Uvalde Police Chief Explains Lack of Radios When He Entered School

The police chief for the Uvalde, Texas, school district said he intentionally left his radios behind when he entered Robb Elementary School to stop the gunman on May 24.

Peter Arredondo, one of the first responders on the scene that day, said he entered the school without his police or school radio.

In his first full interview about the incident, Arredondo told the Texas Tribune in a phone interview and statement from his lawyer that he wanted both hands free to hold his gun and fire accurately and quickly if he encountered the gunman.

Three weeks ago, an 18-year-old gunman entered the school and fatally shot 19 students and two teachers. The gunman was in the school for over an hour before he was shot and killed by U.S. Border Patrol. Arredondo and the responding officers have received criticism for their handling of the shooting. State and federal law enforcement are investigating the police response.

Uvalde Police Radio
The Uvalde school district police chief said he intentionally left his radios outside when he entered Robb Elementary School to confront the gunman on May 24, 2022. Above, a memorial dedicated to the 19 children and two adults killed in the mass shooting is seen on June 1, 2022, in Uvalde, Texas. Brandon Bell//Getty Images

Arredondo said that one of his radios had a large antenna and the other clipped to his tactical belt. Both would have slowed him down while running into the school, he said. He added that he knew from experience that the radios did not work in some school buildings.

Sergeant Betsy Smith of the National Police Association called Arredondo's decision to leave his radio behind "unthinkable."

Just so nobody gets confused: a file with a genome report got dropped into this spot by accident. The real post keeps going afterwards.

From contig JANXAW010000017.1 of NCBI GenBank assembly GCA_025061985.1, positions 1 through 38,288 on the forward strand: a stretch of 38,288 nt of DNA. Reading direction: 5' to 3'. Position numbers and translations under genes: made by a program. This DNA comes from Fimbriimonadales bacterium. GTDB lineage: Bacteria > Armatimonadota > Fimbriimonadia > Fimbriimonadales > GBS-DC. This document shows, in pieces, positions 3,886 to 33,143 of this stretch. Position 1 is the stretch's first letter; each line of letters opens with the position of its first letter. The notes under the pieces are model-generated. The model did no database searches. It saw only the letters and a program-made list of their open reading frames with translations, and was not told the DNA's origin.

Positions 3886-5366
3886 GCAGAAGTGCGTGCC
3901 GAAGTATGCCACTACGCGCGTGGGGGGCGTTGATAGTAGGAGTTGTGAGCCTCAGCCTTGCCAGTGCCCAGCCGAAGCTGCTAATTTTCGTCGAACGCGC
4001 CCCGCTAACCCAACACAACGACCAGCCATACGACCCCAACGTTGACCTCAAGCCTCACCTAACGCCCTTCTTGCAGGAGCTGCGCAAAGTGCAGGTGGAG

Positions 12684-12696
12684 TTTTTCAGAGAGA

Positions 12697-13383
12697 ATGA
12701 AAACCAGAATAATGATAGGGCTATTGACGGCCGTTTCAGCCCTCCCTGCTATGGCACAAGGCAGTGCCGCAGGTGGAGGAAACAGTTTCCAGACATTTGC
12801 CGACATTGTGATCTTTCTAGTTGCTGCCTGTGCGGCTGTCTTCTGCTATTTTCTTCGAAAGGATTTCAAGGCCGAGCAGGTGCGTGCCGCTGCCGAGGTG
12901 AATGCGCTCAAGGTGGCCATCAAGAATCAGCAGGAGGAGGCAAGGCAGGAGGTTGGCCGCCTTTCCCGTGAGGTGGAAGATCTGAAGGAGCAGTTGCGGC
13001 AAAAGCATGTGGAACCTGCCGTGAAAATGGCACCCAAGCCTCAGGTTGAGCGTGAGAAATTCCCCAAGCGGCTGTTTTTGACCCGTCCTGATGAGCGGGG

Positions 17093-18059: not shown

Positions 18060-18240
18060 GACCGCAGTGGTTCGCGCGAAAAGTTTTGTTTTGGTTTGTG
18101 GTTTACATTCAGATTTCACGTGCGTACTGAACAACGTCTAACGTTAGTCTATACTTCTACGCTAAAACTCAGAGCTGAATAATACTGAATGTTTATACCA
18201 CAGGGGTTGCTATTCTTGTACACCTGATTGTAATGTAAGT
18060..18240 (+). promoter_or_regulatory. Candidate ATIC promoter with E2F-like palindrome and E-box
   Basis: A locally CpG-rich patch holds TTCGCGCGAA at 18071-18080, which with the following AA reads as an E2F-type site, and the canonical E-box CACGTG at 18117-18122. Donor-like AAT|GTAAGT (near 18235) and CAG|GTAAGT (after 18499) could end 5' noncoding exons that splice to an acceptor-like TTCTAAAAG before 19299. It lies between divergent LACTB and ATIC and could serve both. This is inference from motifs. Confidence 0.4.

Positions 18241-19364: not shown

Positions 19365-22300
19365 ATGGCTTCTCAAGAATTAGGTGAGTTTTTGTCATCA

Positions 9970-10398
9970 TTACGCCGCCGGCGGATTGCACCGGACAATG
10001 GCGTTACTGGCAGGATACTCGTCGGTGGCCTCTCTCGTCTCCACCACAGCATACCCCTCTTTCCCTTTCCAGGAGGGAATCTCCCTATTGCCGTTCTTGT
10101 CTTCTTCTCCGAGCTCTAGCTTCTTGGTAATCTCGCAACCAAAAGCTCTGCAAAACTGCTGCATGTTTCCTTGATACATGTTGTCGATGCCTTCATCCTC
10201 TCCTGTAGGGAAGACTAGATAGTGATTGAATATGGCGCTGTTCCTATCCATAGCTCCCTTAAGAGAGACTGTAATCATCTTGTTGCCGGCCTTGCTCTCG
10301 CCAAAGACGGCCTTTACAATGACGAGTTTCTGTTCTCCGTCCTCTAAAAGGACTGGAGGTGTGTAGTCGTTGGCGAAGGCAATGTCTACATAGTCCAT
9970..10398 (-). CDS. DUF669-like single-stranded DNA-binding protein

"For the chief to run in their without a radio...to respond to a potential active shooter without a radio is unthinkable," she said.

She dismissed Arredondo's explanation that he believed his radios would fall off his belt and slow him down. Smith said she doesn't understand that, as tactical belts are able to hold multiple radios.

Arredondo entered the school with a group of officers and heard gunfire. They eventually found the gunman barricading himself in a classroom but could not break down the door.

Without a radio, Arredondo was cut off from communication with dispatchers and other responding officers outside the school.

Arredondo said he was not aware of the numerous 911 calls coming from students trapped inside classrooms with the gunman. He added that none of the officers who entered the school with him relayed that information.

In fact, there were no radio communications among the officers in the building. Arredondo said they made an effort to remain quiet. If they had radios, they would have turned them off to avoid giving away their location to the gunman, Arredondo's lawyer, George E. Hyde, told the Tribune.

Arredondo had his cellphone, however, and used it to call for a SWAT team, snipers and extrication tools to open the door behind which the gunman was hiding.

Smith, who has been a law enforcement trainer for 30 years, ran school programs and conducted several active shooter trainings, said a cellphone is not an adequate communication tool for an active shooter situation.